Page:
Los Angeles was suddenly a contender! Gretzky, as he is wont to do, led the team in scoring and picked up the Hart Trophy in the process for the ninth time in his career. The Kings finished second in their division that year with a record of 42-31-7 for 91 points, which made them fourth overall in the league. In the first round of the 1989 playoffs, the Kings faced Gretzky's old team, the Edmonton Oilers. The Oilers ran up a 3-1 series lead, though, but Los Angeles managed to rally and expel Edmonton. While this may look like a case of The Great One being able to flip off his former team, Los Angeles lost to Calgary in the second round. Sure, the Kings could contend with Gretzky, but what Los Angeles had erased from their minds was that while Gretzky was the shining star of the Oilers dynasty, he was surrounded by a treasure trove of some of the greatest talent to ever grace the NHL. The Oilers turned out to have one more Stanley Cup in them, which came in 1990 after that hiccup in 1989 where the Flames won it. The Kings won their only division title in 1991 but struggled in the playoffs. They took a first round matchup against Vancouver in six but lost in the second round to their good old buddies, the Oilers. Hell, the Oilers wiped out Gretzky's Kings in the playoffs in three straight years.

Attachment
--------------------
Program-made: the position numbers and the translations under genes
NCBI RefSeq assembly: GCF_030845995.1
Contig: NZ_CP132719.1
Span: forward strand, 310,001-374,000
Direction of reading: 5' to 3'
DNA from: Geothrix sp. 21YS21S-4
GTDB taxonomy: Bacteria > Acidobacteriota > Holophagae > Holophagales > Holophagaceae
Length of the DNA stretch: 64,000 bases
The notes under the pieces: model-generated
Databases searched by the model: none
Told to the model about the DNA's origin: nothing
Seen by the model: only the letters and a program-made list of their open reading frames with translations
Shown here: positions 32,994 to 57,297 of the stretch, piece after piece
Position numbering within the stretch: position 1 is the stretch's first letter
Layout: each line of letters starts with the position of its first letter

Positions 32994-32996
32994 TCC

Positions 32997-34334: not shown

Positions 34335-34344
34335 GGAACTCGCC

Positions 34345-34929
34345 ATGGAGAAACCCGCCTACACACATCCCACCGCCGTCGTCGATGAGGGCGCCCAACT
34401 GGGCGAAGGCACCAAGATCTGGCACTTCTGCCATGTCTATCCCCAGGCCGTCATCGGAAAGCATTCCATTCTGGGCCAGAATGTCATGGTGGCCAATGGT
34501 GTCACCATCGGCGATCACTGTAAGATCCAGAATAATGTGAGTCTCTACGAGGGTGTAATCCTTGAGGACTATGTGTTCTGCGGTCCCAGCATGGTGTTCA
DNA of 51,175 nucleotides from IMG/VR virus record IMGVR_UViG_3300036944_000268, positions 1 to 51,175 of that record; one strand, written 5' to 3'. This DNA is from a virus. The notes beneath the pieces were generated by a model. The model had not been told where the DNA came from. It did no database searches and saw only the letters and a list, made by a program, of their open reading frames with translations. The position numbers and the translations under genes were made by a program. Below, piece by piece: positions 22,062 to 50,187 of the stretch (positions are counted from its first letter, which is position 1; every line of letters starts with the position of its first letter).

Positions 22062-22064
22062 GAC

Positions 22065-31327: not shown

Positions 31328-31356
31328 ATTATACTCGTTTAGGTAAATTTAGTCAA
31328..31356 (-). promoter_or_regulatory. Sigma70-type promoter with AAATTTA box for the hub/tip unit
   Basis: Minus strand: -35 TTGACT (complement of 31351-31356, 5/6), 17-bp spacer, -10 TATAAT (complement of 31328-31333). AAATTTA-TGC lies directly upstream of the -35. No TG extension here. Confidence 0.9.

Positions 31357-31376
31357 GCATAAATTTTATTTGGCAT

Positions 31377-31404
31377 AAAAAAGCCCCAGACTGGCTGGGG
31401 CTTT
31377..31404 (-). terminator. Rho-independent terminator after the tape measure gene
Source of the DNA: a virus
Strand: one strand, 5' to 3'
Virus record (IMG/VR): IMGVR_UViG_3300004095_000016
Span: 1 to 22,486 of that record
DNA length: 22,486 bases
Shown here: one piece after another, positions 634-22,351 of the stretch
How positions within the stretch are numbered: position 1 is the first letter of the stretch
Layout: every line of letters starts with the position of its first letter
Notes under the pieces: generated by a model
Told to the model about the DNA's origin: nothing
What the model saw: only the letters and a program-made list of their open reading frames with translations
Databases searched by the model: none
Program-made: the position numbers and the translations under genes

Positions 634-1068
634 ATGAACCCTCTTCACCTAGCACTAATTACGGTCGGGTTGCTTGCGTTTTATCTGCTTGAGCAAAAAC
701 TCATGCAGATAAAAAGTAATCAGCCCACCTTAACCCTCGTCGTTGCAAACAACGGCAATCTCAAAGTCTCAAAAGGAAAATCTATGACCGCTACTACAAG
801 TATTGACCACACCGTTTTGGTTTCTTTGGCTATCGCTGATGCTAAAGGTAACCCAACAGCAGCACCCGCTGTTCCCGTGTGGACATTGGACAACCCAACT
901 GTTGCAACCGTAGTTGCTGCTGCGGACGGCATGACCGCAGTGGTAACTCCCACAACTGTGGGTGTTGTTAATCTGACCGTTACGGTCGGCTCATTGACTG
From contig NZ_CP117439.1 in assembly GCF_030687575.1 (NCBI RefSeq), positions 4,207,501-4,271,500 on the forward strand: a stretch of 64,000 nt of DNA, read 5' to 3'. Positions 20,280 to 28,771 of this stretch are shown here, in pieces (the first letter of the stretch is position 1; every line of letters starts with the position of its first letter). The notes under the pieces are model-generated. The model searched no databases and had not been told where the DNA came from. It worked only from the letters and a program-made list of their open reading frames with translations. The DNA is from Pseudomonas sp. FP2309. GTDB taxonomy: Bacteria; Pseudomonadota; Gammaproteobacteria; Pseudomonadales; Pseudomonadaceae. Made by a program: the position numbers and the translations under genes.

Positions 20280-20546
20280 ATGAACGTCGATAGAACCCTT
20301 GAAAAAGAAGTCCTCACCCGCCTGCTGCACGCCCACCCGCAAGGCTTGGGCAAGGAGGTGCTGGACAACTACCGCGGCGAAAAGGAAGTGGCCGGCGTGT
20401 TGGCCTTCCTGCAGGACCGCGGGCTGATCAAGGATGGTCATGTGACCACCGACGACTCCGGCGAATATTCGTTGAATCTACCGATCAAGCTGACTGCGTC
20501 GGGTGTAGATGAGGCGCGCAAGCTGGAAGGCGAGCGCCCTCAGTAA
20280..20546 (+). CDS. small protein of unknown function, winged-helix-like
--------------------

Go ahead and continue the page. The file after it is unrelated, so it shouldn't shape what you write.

By 1993, the Kings were flying with Gretzky, former Oilers dynasty Jari Kurri, Tony Granato, Rob Blake, Alexi Zhitnik, and Kelly Hrudey. They suffered a difficult stretch through the middle of the season, but by the playoffs, they were flying again as Barry Melrose coached the shit out of them! In the first round, the Kings scored an incredible 33 goals against the Flames. In the second round, they punded Vancouver, who had beaten Los Angeles five times out of seven during the regular season. The Western Conference Finals between Los Angeles and Toronto that year were classic. In the fifth game, Toronto won in overtime. In game six, the Leafs scored two third period goals to tie the game at the end of regulation. In game seven, Gretzky scored a hat trick and whacked Doug Gilmour in the face with his stick. The Kings won, and in the first Stanley Cup Finals they ever played, the faced mighty Montreal. The Kings did manage to steal the first game from a well-rested Habs team, but the second game, when Montreal coach Jacques Demers suspected Los Angeles enforcer Marty McSorley had an illegal stick, and so he requested a measurement. Demers was right - McSorley's stick had too much of a curve, McSorley was penalized, and Montreal pulled their goalie for a two-man advantage which they used to score and tie the game. Montreal won in overtime and went on to win the following three games for the Stanley Cup.